Repatriation claims for objects involved in this illegal trade of cultural property are especially difficult as proof must be established of the illicit extraction of the objects and thieves seldom document their work, especially in war zones. Moreover, these types of repatriation requests symbolize fresh colonial wounds, illustrating that the collection practices of the wealthy and powerful continue and less powerful nations and people are still vulnerable.
The good news is that successful repatriations of recent looting have occurred and those who purchase from the illicit trade are increasingly discouraged from doing so. For instance, in 2011, the Museum of Fine Arts Boston returned a Roman sculpture of Herakles to Turkey from which it had been stolen. In 2018 The National Gallery of Australia returned to India a bronze statue of the god Shiva which had been looted from a Hindu temple in Tamil Nadu. In 2020 The Museum of the Bible in Washington, D.C. returned nearly 11,500 looted objects to Iraq and Egypt, including approximately 5,000 papyri fragments and 6,500 clay tablets.
Another type of repatriation request is for the return of cultural objects and burial remains stolen from Indigenous populations by European invaders, largely in North and South America, Australia, Oceania, and New Zealand. What distinguishes these claims is the enduring living memory, among contemporary tribal communities, of specific objects and sites which were looted and desecrated and the acute spiritual need for their return and restoration. Indeed, these fragments of living culture can only be fully understood, properly used, and rightly treasured by their native owners.
In an attempt to address these sorts of repatriation requests, two legislated responses, the Native American Graves and Protection Repatriation Act (in the US,) and the Indigenous Repatriation Program (in Australia) were enacted. Through these two programs, legal frameworks for repatriation were established and hundreds of thousands of objects and human remains have been returned to Indigenous communities where they again work as powerful actors in the creation of spiritual, community and personal meaning. A famous example is the return of The Ancient One (also called Kennewick Man) after five Pacific Northwest tribes argued that the human remains were an ancestor. Still, the successful repatriation occurred only after genetic testing done by Danish scientists proved the Indigenous peoples’ claim, highlighting the ongoing colonialist legacies affecting cultural repatriation.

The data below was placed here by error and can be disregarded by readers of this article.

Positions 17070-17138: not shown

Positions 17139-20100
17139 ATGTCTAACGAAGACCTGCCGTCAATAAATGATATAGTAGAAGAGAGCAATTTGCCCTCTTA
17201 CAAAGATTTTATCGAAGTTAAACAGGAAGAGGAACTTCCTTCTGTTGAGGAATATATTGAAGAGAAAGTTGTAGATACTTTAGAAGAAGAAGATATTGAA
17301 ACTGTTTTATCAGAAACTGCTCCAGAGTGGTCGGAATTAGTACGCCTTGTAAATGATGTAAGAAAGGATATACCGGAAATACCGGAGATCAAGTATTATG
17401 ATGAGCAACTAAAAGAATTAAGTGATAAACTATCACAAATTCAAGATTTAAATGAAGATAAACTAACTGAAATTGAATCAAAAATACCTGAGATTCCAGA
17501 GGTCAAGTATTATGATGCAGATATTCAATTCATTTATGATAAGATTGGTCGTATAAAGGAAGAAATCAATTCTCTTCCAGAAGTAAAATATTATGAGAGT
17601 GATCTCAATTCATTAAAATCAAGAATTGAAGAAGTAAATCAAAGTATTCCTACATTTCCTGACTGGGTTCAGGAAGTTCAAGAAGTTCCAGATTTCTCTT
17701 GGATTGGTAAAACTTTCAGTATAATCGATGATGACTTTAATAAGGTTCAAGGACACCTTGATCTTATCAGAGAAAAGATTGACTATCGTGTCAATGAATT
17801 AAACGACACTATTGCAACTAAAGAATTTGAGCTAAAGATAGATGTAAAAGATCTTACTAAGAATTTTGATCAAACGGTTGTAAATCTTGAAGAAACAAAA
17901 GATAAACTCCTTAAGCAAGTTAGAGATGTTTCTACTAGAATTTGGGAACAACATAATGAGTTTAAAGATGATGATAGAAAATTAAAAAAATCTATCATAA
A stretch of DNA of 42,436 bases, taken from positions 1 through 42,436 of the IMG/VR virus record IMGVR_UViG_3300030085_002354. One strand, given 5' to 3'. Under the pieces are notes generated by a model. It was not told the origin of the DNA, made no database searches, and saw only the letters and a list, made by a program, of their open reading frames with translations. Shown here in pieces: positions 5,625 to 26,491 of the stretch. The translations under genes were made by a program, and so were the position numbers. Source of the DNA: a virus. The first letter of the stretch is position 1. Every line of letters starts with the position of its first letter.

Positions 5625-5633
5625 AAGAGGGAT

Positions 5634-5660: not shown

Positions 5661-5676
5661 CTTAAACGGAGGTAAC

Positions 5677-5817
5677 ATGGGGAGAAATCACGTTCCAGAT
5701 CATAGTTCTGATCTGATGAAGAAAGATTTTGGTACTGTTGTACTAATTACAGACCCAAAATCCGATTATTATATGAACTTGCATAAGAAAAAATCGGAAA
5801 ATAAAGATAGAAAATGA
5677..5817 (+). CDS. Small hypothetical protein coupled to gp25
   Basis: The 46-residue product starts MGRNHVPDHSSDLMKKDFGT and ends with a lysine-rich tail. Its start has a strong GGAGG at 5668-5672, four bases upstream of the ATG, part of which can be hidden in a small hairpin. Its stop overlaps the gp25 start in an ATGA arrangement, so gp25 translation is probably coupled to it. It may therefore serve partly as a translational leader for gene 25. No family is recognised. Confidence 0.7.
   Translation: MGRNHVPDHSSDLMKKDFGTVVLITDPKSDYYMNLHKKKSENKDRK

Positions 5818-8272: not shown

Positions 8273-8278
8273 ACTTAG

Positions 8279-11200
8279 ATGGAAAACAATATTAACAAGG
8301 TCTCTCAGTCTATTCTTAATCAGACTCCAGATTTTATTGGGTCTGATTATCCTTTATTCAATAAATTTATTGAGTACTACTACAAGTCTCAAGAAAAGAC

The era of repatriations has finally come. The work is slow and uneven and there are countless objects yet to return home, but repatriations are now occurring at a rate never before seen. What examples such as the Euphronios krater show us about repatriation is that objects come back changed. Not only physically but, because of the way they have been used (often ideologically) in their meanings as well — and, they cannot be changed back. Even if they are exhibited in quiet and historically proscribed ways (as in the case of the Euphronios krater), their life experience has made them bigger, louder, emotional, and more political.
When, for instance, the Parthenon marbles return to Athens they will never again only be the sculptural decorations of Athena’s 5th century B.C.E. temple. They have become so much more to Greeks, the English, generations of artists, historians, protectors of heritage, politicians, art law lawyers, and millions of visitors to the Acropolis and the British Museum. Through their dramatic biographies, we very much want to connect with, visit and understand repatriated objects and because of this they will not slip into obscurity in local museums, as is sometimes feared. The great power, the searing meaning that repatriated objects communicate, is that lost things can come home, that a wrong can be righted, and that we can all take part in that celebration and moral victory.